How can you avoid cramp?

Plenty of fluid and a nutritious diet along with a proper warm-up such as walking on an incline or x-training on a medium resistance for around 10 minutes will ensure that muscles are warm. NEVER STRETCH COLD MUSCLES AS THIS CAN RESULT IN TEARS IN THE MUSCLE.

Article Written by Georgia B. Simmons

Georgia B. Simmons is a Bikini Athlete and Competitor out of the UK. Read here featured interview here.

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Lunges & Love

I have an amazing relationship with the weights. They are always there when I need them, push me beyond my standard limits, make me a better individual and they don’t mind getting banged around a little. Unfortunately for some of us Muscle Bombshells™, sometimes a relationship may suffer as a result of the amazing relationship that we have with the weights.

This can especially be the case if your partner simply does not adhere to the health and fitness lifestyle that you have chosen for yourself. They may simply not understand the fact that you have to wake up at 5am on most days just to squeeze a workout or a morning step mill session in. And they think of you as being “obsessed” for turning down cheesecake for asparagus and dry chicken. After all, they love you. They already think of your body as perfect – or they should!, so how can you improve upon perfection? (We all know that we will always be trying to do this!) They may not quite understand the love of the sweat, the sacrifice and the utter satisfaction that can come after months of hard work for an ultimate

I have a little bit of luck in this department, as my partner happens to be a competitive bodybuilder. But even with this, it can still be hard in the depletion phase of contest prep not to have fights over absolutely nothing. It is also helpful to note that the prep for a man can be quite a differing emotional experience than one of a woman. So there still can be issues with integrating fitness into a committed relationship.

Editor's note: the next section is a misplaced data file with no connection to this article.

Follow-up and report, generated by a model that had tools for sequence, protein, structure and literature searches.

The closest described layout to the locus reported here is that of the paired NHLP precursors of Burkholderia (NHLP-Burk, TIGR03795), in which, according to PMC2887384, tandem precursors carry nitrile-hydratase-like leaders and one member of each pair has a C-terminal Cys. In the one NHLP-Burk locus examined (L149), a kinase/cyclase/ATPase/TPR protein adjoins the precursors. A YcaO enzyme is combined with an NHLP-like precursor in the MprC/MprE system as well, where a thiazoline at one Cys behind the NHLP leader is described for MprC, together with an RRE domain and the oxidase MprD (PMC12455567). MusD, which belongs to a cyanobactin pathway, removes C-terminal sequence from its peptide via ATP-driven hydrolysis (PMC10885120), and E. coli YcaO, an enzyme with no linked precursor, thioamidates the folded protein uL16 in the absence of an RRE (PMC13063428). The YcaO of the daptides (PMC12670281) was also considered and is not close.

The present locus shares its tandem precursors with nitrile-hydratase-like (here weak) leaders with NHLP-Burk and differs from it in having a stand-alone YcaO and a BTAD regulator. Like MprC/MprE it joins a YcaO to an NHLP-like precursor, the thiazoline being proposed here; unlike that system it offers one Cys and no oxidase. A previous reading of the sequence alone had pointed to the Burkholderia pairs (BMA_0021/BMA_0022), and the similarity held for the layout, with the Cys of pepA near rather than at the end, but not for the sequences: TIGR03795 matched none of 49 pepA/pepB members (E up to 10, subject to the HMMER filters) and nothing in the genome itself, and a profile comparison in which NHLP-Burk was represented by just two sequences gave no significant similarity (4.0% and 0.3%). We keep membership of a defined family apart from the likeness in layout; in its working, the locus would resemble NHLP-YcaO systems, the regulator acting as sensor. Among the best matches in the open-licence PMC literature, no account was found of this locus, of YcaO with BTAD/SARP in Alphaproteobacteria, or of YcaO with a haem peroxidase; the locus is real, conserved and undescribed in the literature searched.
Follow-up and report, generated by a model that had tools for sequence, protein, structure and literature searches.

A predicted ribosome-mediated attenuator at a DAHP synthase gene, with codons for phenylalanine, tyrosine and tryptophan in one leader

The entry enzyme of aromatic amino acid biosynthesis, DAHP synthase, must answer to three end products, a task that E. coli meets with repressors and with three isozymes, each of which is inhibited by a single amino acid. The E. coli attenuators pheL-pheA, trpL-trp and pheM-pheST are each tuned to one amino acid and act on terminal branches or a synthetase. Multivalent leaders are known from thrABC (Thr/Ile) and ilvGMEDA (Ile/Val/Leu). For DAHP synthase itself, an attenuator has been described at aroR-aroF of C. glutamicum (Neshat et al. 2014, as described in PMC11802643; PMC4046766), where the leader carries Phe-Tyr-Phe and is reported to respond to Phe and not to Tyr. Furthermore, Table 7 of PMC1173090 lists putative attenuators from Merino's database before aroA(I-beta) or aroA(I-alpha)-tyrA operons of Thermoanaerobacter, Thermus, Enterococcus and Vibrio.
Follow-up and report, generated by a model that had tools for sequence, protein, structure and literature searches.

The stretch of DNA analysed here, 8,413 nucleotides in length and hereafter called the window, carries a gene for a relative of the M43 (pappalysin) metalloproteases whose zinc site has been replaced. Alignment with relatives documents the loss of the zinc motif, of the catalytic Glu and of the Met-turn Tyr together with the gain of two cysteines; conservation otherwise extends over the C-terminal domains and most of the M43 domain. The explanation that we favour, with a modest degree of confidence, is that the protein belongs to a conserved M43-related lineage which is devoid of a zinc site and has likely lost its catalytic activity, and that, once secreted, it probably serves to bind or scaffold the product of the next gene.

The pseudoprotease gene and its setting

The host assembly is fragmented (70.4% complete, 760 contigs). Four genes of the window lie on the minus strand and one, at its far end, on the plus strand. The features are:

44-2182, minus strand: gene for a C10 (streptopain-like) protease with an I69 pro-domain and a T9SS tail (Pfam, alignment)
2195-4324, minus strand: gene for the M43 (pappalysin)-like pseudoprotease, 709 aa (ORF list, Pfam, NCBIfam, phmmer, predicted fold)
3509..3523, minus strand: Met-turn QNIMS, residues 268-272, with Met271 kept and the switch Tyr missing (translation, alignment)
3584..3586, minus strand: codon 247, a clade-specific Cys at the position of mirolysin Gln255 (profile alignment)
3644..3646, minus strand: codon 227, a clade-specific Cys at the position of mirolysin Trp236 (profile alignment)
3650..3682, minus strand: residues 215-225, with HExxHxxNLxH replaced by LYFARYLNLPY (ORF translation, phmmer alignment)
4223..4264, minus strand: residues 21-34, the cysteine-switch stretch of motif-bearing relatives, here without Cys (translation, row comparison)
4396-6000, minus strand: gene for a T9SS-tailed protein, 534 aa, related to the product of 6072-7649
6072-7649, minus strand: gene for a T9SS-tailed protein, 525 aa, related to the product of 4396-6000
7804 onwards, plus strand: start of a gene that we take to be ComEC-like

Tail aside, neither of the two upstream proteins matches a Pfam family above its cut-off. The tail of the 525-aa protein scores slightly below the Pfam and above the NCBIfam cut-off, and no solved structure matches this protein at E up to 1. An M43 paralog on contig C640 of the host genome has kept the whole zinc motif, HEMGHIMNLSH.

How do you balance that very demanding relationship you have with the weights with the one that you have with your partner? I have compiled a few tips that may help:

  • Find another hobby that you both enjoy (non fitness related) and indulge in that on a weekly basis. Something like cooking class, or jazz music, a new type of dance or learning to bartend.
  • Help your partner understand how fitness is so important to you on more than just a physical level. Communicate effectively!
  • Have a cheat night out and let them help you plan it.
  • Do not force fitness or your lifestyle on them. It must be a personal choice and they will not take to nagging.

The best thing to do is to make sure that you make time for that special person in your life in the same way you carve out time in your busy day for cardio or that ridiculous workout. We need love in our life to help support us in achieving our goals, so it is important to take care of those relationships as well as our bodies!